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Foreword by Walter Cronkite  
Introduction - The National Science Foundation at 50: Where Discoveries Begin, by Rita Colwell  
Internet: Changing the Way we Communicate  
Advanced Materials: The Stuff Dreams are Made of
Education: Lessons about Learning  
Manufacturing: The Forms of Things Unknown  
Arabidopsis: Map-makers of the Plant Kingdom  
Decision Sciences: How the Game is Played  
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Advanced Materials: The Stuff Dreams Are Made Of

Materials for a Small Planet

A number of NSF-supported investigators are looking for more environmentally benign substitutes for chemically synthesized materials currently in use. Dragline silk from the orb-weaving spider Nephila clavipes is one of the most promising new biomolecular materials, thanks to the silk's great strength and flexibility—greater even than the lightweight fiber used to reinforce bulletproof helmets. Also attractive is the environmentally friendly process used to make the Photo of spider web - click for detailssilk, which the spider spins from a water-based solution. Intrigued by this spider, which actually makes seven different types of silk, Lynn Jelinski, then at Cornell University and currently chemistry professor and Vice Chancellor for Research and Graduate Studies at Louisiana State University, had a vision that high-performance, renewable, silk-like polymers eventually can be made using the tools of biotechnology. She thinks scientists may be able to synthesize the key spider genes and insert them in plants, which then would express the protein polymers. The resultant materials might be used in products ranging from reinforced tennis rackets to automobile tires.

Discoveries of new materials lead to new questions, the answers to which create opportunities to find still more new materials. An example of this cycle is the work of Donald R. Paul of the University of Texas at Austin, an authority on the ways in which polymers interact when blended. Polymer blends are a powerful way of enhancing toughness or otherwise tailoring the performance of a given material. The information generated by Paul's research may lead to the development of high-performance polymeric alloys that could be used to replace metal components in automobiles. These lightweight and easy-to-fabricate alloys could help create vehicles that have greater fuel efficiency and produce fewer emissions.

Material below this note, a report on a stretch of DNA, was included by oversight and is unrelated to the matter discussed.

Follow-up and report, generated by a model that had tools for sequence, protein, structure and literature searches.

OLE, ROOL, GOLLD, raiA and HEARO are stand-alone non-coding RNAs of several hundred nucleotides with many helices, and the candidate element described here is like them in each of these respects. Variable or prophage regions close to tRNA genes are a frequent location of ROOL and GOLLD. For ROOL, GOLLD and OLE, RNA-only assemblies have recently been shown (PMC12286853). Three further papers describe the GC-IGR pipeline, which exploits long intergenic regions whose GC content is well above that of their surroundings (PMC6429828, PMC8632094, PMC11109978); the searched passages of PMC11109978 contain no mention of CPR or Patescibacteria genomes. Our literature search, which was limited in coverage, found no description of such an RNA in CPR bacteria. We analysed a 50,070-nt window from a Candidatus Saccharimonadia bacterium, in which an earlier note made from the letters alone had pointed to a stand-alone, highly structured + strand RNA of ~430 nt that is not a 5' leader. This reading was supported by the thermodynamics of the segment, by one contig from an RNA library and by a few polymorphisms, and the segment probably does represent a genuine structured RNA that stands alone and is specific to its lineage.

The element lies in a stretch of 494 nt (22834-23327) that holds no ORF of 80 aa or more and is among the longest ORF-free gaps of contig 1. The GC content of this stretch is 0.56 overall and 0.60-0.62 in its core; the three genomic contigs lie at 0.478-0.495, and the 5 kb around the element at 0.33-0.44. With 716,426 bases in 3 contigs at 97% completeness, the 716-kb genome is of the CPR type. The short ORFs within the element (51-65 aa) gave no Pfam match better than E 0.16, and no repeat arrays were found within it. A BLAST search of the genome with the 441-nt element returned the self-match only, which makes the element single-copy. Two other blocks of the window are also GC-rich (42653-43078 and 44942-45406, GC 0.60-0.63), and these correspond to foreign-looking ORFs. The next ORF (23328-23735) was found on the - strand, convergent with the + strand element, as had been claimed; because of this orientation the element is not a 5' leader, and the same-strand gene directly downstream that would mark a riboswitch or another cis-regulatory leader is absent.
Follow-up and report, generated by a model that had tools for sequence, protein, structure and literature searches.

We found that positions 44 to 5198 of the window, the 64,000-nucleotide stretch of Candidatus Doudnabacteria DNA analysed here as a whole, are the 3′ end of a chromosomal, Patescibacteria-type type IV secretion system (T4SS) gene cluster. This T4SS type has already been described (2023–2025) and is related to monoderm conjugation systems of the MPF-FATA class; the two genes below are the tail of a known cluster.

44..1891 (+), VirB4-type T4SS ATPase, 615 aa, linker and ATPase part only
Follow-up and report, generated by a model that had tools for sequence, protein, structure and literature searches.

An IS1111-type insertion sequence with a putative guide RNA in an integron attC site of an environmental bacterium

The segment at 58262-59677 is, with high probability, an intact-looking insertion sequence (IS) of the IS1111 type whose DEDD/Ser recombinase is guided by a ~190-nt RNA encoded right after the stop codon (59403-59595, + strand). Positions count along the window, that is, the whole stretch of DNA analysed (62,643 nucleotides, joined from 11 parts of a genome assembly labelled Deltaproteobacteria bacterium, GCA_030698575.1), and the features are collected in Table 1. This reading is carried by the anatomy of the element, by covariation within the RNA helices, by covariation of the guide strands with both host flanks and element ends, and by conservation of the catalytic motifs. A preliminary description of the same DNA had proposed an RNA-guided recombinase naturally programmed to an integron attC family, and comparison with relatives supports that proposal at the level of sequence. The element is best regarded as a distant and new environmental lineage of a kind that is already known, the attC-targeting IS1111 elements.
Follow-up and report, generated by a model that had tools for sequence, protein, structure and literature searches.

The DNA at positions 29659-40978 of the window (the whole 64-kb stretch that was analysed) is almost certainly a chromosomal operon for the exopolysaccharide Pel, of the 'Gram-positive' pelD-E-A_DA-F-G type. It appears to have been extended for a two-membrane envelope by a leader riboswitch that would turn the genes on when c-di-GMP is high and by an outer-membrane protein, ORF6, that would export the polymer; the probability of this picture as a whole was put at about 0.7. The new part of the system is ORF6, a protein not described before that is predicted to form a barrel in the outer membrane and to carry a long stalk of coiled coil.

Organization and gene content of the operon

At the same time, materials synthesis research is being used to investigate new metal alloys. To create these alloys, researchers must learn about the chemistry of the alloy, the microstructure basic to the alloy, and its macroscopic behavior. NSF-funded researchers, including those at the University of Alabama at Birmingham, are investigating how to control the alloy composition. Some of the alloys are thin films that will find their way into the electrical industry. Others may be used in newly designed vehicles. These alloys are not only stronger and lighter than their predecessors, but also more resistant to stress and fatigue, producing a more fuel-efficient, longer-lasting vehicle.

In research supported jointly by NSF and the U.S. Environmental Protection Agency, an environmentally benign method of polymer synthesis was discovered using liquid carbon dioxide in place of toxic volatile organic solvents. The work by Joseph DeSimone, professor of chemistry at the University of North Carolina-Chapel Hill and chemical engineering at North Carolina State University, and his graduate students received one of Discover magazine's 1995 Awards for Technological Innovation. The discovery led DeSimone and his colleagues to patent an environmentally friendly process for dry cleaning clothes that uses carbon dioxide instead of perchloroethylene, a highly toxic organic solvent in wide use throughout the industry. As the lead principal investigator for the NSF-supported Science and Technology Center for Environmentally Responsible Solvents and Processes, DeSimone continues to advance research into environmentally safe solvents. Meanwhile, other work in polymers focuses on finding ways to use plastics in place of silicon as the base material of microcircuits.

"Materials research is pushing the edge of the technologies of a whole array of societal systems," said NSF Deputy Director in an interview for NSF's publication, Frontiers. "It's a very powerful catalyst for innovation. As new materials become available and processable, they will make possible improvements in the quality of life. And that's the heart of the leadership issue and the competitiveness issue, isn't it? That's the future."

PDF Version
From Craft to Science in Two Centuries
A Never-Ending Search for the New and Useful
Triumphs in Everyday Life
Designer Molecules Reach New Heights
The Healing Arts Embrace Materials Science
Materieals for a Small Planet
Tomorrow's Materials: Lighter, Tougher, Faster
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